A U.S. Army Corps of Engineers campground in Crosslake is the future home of the National Loon Center, a new education, advocacy, and research foundation. Situated on the Whitefish Chain, the center will eventually include an educational facility akin to the National Eagle Center in Wabasha.

This past summer, the foundation opened its information and visitor center, debuted a new outdoor exhibit, and began its shoreline restoration project. It also hosted educational boat tours on Gull Lake near Brainerd and launched a research project to study loons’ life cycles.

“It’s part of the Minnesota DNA to love loons and lakes,” says executive director Jon Mobeck, who returned to Minnesota from the Jackson Hole Wildlife Foundation to lead the Loon Center. “Everyone wants to see loons in Minnesota. No one wants to see them disappear. [The Loon Center] has the potential to really move the needle with respect to conservation.”

Carrol Henderson, who started the Minnesota DNR’s nongame wildlife program in 1977 and led many pivotal conservation projects during his 40-year career, is one of the Loon Center’s founding board members. He believes the center can serve as a catalyst to help people appreciate loons and learn how to enjoy our lakes responsibly—what Mobeck calls “compassionate recreation.”

“People can think about how their actions are affecting loons while they are boating, as they are fishing, as they are landscaping their cabin,” Mobeck adds. “Think about the environment that you’re enjoying and you can make very simple changes.”

Get the Lead Out

Minnesota received more than $6 million after a research project led by the DNR’s Carrol Henderson showed that 600 to 1,000 Minnesota loons were directly affected by the devastating Deepwater Horizon oil spill in the Gulf of Mexico. The Minnesota Pollution Control Agency (MPCA) is using $1.27 million of a resulting settlement to encourage anglers to trade in their lead tackle for nontoxic alternatives such as copper, tungsten, and bismuth.

The campaign kicked off virtually in 2020, with online training sessions and partnerships with schools to teach kids about the issue. This year, destinations including the Great Lakes Aquarium in Duluth and the National Loon Center housed lead collection boxes and sample kits of loon-safe tackle.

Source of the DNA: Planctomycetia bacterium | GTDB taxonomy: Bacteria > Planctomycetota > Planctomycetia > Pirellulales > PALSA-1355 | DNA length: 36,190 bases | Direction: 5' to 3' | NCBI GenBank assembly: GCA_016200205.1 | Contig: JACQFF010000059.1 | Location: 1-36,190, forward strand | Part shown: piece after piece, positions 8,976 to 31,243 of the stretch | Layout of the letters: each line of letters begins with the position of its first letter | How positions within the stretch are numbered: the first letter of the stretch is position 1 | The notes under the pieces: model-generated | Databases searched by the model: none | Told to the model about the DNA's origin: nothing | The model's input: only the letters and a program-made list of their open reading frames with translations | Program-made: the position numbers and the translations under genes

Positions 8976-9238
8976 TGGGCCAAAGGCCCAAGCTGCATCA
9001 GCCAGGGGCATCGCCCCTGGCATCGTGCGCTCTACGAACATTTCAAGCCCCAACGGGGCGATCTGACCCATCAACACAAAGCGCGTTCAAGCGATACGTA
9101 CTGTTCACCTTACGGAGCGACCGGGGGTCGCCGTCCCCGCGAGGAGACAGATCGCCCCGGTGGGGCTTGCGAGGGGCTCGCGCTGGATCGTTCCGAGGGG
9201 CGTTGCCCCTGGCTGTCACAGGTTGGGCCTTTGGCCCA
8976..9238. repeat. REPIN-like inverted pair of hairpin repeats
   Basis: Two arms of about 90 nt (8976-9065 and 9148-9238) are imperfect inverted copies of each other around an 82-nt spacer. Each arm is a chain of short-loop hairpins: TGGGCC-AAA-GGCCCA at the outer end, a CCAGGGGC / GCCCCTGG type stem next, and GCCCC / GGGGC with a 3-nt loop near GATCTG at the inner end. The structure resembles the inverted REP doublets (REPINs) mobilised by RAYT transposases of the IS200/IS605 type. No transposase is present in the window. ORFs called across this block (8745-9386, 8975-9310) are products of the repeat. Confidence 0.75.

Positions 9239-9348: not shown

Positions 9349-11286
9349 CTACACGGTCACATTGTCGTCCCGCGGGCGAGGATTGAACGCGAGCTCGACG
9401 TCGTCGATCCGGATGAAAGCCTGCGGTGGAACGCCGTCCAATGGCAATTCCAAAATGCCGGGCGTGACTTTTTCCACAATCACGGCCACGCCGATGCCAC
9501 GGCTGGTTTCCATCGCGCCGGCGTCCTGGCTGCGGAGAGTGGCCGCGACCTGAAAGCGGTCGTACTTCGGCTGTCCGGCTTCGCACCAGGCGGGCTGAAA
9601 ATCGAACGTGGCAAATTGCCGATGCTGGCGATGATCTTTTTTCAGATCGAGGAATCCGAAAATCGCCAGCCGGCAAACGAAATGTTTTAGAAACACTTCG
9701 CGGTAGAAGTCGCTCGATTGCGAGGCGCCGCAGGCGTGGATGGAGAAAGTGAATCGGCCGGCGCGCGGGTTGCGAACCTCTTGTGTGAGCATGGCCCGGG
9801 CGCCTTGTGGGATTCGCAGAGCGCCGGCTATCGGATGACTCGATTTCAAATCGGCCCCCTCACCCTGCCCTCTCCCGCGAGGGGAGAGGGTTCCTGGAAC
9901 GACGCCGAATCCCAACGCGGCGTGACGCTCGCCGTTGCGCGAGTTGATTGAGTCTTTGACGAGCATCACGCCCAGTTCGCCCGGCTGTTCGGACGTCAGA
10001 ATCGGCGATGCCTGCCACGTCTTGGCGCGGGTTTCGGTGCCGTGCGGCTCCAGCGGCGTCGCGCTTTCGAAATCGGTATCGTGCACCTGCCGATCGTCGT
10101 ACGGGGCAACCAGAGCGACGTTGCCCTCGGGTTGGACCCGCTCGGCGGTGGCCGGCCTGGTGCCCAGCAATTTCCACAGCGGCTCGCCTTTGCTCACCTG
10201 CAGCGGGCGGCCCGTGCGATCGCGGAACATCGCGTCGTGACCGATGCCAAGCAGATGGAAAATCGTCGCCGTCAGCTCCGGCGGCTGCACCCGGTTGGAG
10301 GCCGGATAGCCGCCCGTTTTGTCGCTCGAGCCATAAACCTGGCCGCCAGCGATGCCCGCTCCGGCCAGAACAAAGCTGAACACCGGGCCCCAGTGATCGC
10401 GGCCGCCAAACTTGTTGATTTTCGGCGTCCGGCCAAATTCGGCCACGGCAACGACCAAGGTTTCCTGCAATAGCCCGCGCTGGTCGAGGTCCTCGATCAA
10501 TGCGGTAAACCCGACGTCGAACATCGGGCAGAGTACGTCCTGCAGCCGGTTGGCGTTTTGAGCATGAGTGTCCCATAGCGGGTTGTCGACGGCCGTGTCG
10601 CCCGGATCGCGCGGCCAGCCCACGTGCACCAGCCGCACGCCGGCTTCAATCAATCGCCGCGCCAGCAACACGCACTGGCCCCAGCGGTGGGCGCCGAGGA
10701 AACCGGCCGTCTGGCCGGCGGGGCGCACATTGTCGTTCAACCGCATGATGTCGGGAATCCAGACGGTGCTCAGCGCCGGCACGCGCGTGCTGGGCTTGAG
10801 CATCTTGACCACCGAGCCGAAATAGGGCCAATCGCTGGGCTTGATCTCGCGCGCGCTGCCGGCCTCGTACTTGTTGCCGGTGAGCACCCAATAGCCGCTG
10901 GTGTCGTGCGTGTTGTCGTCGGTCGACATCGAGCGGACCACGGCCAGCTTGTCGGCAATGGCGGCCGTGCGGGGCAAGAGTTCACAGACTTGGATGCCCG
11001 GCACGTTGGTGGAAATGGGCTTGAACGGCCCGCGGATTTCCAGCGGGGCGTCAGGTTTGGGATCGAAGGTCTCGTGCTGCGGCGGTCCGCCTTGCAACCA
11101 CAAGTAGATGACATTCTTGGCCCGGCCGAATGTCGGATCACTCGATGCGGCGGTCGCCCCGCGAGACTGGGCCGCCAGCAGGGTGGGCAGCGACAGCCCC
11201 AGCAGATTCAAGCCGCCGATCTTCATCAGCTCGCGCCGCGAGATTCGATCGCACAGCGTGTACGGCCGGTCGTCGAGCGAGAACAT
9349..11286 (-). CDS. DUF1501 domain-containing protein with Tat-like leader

“These are preventable deaths,” says MPCA program coordinator Kelly Amoth. “Twenty percent of loon deaths are caused by lead poisoning. We can change that number by changing our behavior.”

More information, including a list of lead-free tackle manufacturers, is available at

Books About Loons

Ojibwe Bird Stories (Binesi-Dibaajimowinan) by Charles Grolla (Ogimaagiizhig) 

This oral history of many species of birds and their relationship with the Ojibwe people is available at Birchbark Books & Native Arts in Minneapolis.

Loon Lessons by James D. Paruk

One of the world’s leading loon researchers, the author goes deep into their biology, behavior, and beauty, sharing both scientific observations and personal stories about Minnesota’s beloved bird.

Lenny the Loon by Mikaela Casey

A pair of picture books follow Lenny the Loon on adventures around the Twin Cities and Lake Minnetonka, with enchanting illustrations by Yana Popova.

Loon Facts

Courtesy of the Minnesota DNR

  • Unlike most birds whose bones are hollow, loons have solid bones.
  • Their extra weight helps them dive as deep as 250 feet to search for food.
  • Because of their heavy bodies, loons need over 100 feet of “runway” to take off from the water.
  • Loons can fly more than 75 miles per hour.
  • Loons have four distinct calls—the tremolo, wail, hoot, and yodel.
  • Minnesota loons winter in the Gulf of Mexico. Many young loons return to the lake where they were born.